The concept of God has always been what humanity has needed it to be. – Zax Rosenberg

Last weekend I visited my in-laws, who are religious Conservative Jews.  Given my “Jewish Atheism”, and their desire to drag me to synagogue, religion is a frequent topic of debate. The topics of this weekend’s particular conversation are extensive (and I won’t list them here), but resulted in my desire to look into reconciling my personal beliefs and spirituality with my non-religious Jewish identity (an exercise I’m apparently not alone in conducting) – the result of which was the aphorism above.

Through some cursory reading on teh-interwebs, I came to a hypothesis: What God is like and “his” relation to humanity has shifted over time, both through the development of new religions and within old ones. Some of that has likely been the result of manipulation by a select few people looking to control the rest, but even the means of manipulation has had to change as people’s thoughts toward God have changed.  Analyzing the Judeo-Christian interpretation of God over time seems to confirm this idea, with God progressing from:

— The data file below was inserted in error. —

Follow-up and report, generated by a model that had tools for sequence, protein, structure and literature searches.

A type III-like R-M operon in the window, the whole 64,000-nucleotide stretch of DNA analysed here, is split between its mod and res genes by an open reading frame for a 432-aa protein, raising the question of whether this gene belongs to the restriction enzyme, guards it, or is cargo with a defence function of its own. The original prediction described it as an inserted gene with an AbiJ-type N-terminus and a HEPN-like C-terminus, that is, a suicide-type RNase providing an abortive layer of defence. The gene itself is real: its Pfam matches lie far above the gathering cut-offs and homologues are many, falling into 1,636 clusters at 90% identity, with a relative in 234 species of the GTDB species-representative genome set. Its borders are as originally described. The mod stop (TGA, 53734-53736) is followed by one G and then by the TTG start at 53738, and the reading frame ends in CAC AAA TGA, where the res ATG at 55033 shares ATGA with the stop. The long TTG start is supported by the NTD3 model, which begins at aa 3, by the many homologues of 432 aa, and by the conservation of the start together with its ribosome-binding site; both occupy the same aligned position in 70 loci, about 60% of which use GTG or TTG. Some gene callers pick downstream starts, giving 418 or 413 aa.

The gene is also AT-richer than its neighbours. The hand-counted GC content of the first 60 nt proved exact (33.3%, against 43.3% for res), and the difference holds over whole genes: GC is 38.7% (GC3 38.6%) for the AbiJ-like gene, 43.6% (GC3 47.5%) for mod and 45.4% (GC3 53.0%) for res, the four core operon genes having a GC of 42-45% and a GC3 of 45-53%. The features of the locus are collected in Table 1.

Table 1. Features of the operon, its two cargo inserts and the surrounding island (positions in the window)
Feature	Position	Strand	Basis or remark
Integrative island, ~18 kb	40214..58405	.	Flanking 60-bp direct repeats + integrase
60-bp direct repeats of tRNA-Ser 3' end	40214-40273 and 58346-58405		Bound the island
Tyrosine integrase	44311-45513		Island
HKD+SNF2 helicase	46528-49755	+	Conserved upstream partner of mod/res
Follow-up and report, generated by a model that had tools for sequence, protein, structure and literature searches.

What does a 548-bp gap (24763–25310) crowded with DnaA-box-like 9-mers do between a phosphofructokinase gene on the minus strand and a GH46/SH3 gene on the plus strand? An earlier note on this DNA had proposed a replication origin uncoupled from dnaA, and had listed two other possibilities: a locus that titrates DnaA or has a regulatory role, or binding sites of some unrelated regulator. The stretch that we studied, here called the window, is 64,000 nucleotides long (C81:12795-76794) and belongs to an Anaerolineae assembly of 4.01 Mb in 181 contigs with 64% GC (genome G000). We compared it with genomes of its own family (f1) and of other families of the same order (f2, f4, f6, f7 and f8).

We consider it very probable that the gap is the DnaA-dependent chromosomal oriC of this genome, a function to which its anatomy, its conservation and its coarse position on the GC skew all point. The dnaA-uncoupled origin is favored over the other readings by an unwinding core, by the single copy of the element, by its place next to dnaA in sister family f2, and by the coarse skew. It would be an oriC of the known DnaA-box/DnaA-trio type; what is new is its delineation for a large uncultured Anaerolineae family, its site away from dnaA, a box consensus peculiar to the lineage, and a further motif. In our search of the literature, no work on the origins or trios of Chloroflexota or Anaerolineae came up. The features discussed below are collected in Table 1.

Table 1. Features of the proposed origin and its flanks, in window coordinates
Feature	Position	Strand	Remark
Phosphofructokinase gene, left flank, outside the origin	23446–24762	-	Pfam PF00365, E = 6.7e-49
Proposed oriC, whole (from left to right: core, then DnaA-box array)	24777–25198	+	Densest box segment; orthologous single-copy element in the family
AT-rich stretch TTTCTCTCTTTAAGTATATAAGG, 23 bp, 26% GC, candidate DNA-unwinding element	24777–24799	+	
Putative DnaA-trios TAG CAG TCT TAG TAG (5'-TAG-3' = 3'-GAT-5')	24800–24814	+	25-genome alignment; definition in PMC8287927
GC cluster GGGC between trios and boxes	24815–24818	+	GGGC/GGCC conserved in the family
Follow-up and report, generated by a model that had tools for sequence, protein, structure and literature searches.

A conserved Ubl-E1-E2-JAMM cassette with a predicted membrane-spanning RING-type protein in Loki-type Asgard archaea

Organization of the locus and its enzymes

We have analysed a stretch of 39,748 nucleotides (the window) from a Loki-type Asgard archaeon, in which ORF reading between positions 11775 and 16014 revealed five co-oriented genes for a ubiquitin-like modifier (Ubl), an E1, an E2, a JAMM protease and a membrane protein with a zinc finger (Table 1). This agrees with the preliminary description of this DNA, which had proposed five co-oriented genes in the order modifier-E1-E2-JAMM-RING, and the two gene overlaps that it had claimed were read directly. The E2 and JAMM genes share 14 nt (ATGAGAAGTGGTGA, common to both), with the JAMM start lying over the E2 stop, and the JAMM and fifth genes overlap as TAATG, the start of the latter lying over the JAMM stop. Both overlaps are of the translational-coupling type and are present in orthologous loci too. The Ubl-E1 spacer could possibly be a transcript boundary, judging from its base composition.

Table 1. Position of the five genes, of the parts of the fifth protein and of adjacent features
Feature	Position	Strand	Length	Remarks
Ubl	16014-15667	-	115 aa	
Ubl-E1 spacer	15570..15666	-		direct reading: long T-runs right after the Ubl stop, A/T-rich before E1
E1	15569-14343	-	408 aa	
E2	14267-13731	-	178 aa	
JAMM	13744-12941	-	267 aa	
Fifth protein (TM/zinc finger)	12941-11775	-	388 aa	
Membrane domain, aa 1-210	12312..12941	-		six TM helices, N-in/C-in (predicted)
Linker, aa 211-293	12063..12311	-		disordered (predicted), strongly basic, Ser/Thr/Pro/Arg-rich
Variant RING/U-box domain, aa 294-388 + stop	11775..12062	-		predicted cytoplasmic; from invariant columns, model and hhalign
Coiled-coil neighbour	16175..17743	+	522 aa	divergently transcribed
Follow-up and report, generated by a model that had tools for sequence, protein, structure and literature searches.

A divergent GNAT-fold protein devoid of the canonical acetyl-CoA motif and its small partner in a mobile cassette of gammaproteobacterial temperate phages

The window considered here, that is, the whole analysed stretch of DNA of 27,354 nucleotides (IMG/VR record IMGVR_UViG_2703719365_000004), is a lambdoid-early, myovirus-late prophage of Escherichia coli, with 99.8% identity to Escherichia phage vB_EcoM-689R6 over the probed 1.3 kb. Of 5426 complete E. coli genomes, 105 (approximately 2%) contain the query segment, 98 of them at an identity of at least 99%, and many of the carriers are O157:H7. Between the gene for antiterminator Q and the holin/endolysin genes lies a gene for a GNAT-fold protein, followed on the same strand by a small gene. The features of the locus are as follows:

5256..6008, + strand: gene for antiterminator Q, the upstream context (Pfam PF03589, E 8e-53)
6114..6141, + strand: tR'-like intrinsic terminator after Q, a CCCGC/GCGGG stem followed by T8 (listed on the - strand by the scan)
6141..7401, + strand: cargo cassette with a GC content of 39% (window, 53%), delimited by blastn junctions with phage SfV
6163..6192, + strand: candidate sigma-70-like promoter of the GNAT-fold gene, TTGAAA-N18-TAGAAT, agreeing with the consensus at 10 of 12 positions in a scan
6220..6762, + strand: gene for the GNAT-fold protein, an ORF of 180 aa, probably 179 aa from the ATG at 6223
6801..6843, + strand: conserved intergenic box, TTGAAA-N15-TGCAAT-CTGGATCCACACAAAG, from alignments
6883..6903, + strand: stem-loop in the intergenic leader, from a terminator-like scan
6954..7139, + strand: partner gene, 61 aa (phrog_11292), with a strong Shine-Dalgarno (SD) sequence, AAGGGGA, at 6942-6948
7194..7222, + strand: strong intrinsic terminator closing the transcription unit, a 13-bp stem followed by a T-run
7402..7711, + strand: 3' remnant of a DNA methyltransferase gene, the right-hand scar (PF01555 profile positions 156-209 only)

1. a jealous, vengeful being (Old Testament) to
  2. a compassionate “father figure” (New Testament) to now
  3. a method of guidance toward humanity unlocking its potential (religious humanism).

And immediately after thinking this, I was reminded of one of my favorite quotes (of which I have an illustrated version hanging in my living room; see below):

…if a triangle could speak, it would say … that God is eminently triangular… – Baruch Spinoza

Love me some quote-based art. Click the image to visit Etsy, where you can buy your own print.

Spinoza’s purpose (and I’m oversimplifying/mutilating it here slightly) is to describe how any entity would ascribe its own attributes to God, due to either 1) the inability to define God outside the limits of one’s understanding (a legitimate reason, given that  if there is an omniscient, omnipotent, eternal being in the universe, it’s likely so beyond our comprehension that there’s no point in trying to describe what it is) and/or 2) arrogance.

And while, as limited creatures, humans have no choice but to define things within the limits of our understanding, if the above progression of the concept of God is true, I view this as a positive trend – an elevation of human thought.  While not necessarily reflective of a more intellectually capable populace, it at least shows how when starting from a larger base of knowledge we can advance the unlocking of human potential.  And, as a result, I believe this speaks positively for the future and the usefulness of religion.

Alas, none of this has helped me better reconcile my personal beliefs with my cultures’.  To be continued…

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